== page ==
Gigi Peterkin said she had planned to raise her two kids in Haverford Township because "it was a great school district," but by 2017, she felt the climate was so hostile toward her biracial children that the family packed up and moved.
Peterkin said her children were called the N-word, and her son was punished for the same behavior as white kids but they weren't sanctioned.
"You're hitting a kid in a primal place when you're hitting them in their identity," said Peterkin, whose son is now "thriving" as an eighth grader in the Upper Darby School District, more racially diverse than predominantly white Haverford. "There's something to be said for inclusion."
Peterkin's issues with the Haverford School District were highlighted in an April report by the activist group Havertown-Area Community Action Network, or H-CAN, that claimed widespread racism in the Delaware County community and focused on issues within the schools, including bullying and hate crimes, an absence of nonwhite teachers, and lack of diversity in the curriculum.
The Human Relations Commission of Haverford has slated its first-ever public forum — Oct. 17 at 7 p.m. at the township's administrative building — to discuss the issue and launch a more productive conversation around race.
"We want to make sure that everybody is being listened to," said Jen Leith, commission chairperson. She said she hoped the forum would help Haverford leaders think better about what she called "ingrained policy and practice" that doesn't promote diversity.
Superintendent Maureen Reusche declined to be interviewed. But spokesperson Anna Deacon said a report from the district's Belonging and Sociocultural Identities in School committee listed several action steps, including cultural sensitivity training for students and staff and diversity hiring.
The allegations of systemic racial discrimination have inflamed the township of 48,000 – which includes middle-class neighborhoods and pockets of affluence, and is overwhelmingly white even as it has grown more diverse in the last decade. The epicenter of controversy is the highly rated 6,000-student school district.
Activists say school leaders have failed to act on key recommendations in the April report, such as hiring a chief diversity officer or involving parents and community members on its inclusion committee.
"I definitely hoped there would be more plans" to implement the recommendations, said Sarah McCafferty, chair of the group's racial justice action group, who helped create the 30-page report with input from community members and the Main Line NAACP. She said racial problems persist in the district, including a black seventh-grade immigrant student who in May was beaten up by another middle-schooler and told to "go back to Africa."
Police Chief John Viola said the student throwing the punches and kicking also hurled racial insults. He was charged with harassment and sent to the township's Youth Aid Panel, a program for first-time offenders.
The school year started with a new, black principal at Chatham Park Elementary, a breakthrough for a district where 98 percent of the teaching staff was white two years ago, according to the state Department of Education.
Like many Philadelphia suburbs, Haverford has been growing more diverse. Census data show the percentage of Caucasians falling from 94 percent in 2000 to 89.8 percent in 2016; its schools are 84.6 percent white.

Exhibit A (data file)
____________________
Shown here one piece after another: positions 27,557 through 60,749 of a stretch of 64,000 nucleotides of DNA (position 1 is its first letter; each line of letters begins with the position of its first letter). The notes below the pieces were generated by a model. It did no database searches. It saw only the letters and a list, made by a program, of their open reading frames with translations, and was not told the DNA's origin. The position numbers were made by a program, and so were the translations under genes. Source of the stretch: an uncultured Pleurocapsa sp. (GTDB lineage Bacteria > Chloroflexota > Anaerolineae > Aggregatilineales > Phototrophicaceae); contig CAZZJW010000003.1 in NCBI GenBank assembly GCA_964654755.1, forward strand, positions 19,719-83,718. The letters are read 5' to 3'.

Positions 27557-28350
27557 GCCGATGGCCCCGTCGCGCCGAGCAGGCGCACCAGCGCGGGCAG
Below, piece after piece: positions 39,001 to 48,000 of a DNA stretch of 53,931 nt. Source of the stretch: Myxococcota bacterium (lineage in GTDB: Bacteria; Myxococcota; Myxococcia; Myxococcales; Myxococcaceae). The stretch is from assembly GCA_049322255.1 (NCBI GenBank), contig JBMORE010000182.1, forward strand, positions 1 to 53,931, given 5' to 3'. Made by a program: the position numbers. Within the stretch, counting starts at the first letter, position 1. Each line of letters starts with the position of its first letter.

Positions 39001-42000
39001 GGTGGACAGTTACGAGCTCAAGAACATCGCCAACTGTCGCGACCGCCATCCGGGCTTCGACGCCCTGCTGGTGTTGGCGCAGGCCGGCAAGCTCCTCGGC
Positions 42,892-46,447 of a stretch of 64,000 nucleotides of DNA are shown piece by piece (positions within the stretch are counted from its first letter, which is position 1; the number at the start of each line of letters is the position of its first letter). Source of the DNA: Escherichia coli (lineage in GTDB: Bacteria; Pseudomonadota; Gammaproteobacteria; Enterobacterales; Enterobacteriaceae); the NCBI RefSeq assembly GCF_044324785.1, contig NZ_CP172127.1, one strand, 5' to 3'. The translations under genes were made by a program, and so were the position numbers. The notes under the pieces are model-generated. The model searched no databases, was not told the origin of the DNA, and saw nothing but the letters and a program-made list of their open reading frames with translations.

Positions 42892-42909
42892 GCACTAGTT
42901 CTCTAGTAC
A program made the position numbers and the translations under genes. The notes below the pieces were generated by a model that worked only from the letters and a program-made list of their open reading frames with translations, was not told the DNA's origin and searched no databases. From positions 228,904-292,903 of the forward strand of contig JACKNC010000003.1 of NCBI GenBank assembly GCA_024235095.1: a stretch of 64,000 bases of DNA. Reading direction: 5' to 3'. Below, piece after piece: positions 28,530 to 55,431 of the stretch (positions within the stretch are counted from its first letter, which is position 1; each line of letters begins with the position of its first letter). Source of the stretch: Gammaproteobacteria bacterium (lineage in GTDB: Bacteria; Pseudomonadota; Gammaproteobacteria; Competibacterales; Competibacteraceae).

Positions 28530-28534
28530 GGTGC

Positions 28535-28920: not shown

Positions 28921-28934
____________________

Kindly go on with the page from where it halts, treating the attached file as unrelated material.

The H-CAN report chronicled problems in Haverford beyond the schools, citing racial profiling by police – 29 percent of drivers stopped for traffic violations were black – and a series of hate crimes, such as a swastika painted on a train station bench in 2017 and a photo that same year of an immigrant family posted on a community Facebook group indicating they might be child molesters.
The study also documents complaints about treatment of African American students, including one who said he was told by a substitute teacher he'd be called "cave man" because his name sounded like a recent hominid found in Africa. Two biracial students reported teachers and students touched their hair without permission. Students said they were called the N-word or other derogatory names.
"Because these incidents happen in the school setting and involve staff with authority over students, they can be perceived as behavior sanctioned by the school system, creating a system that feels exclusionary and abusive, to the students and the parents," the report said.
Krista Malott, who trains school counselors around diversity issues and helped prepare the report, said Haverford's racial tensions aren't unique, but "that doesn't excuse it."
Diana Robertson, president of the Main Line NAACP, said lack of staff diversity is a problem.
"If you have a diverse staff, you would tend to have a better understanding of what that means," she said, citing the touching of students' hair. "Then you have folks at the table who would immediately say, 'Nah, that's not appropriate.' "
William Wechsler, president of the Haverford Board of Commissioners, conceded that he's heard of kids using the N-word but that he believes any racial episodes are problems with individuals.
"I grew up here — I really don't perceive a big issue, but I'm not a minority," he said. "If you talk to teachers and principals at the school, we don't think we have a problem."
Yvonne Fabella, a parent who helped prepare the report, said Haverford is showing progress – such as the black principal – but that "change is going to be slower than we want."
"Part of the problem is that these are big, systemic problems," Fabella said. "One of the issues is the implicit bias that we all have, including our teachers and administrators, and parents and students. That is not something that we can quickly turn around."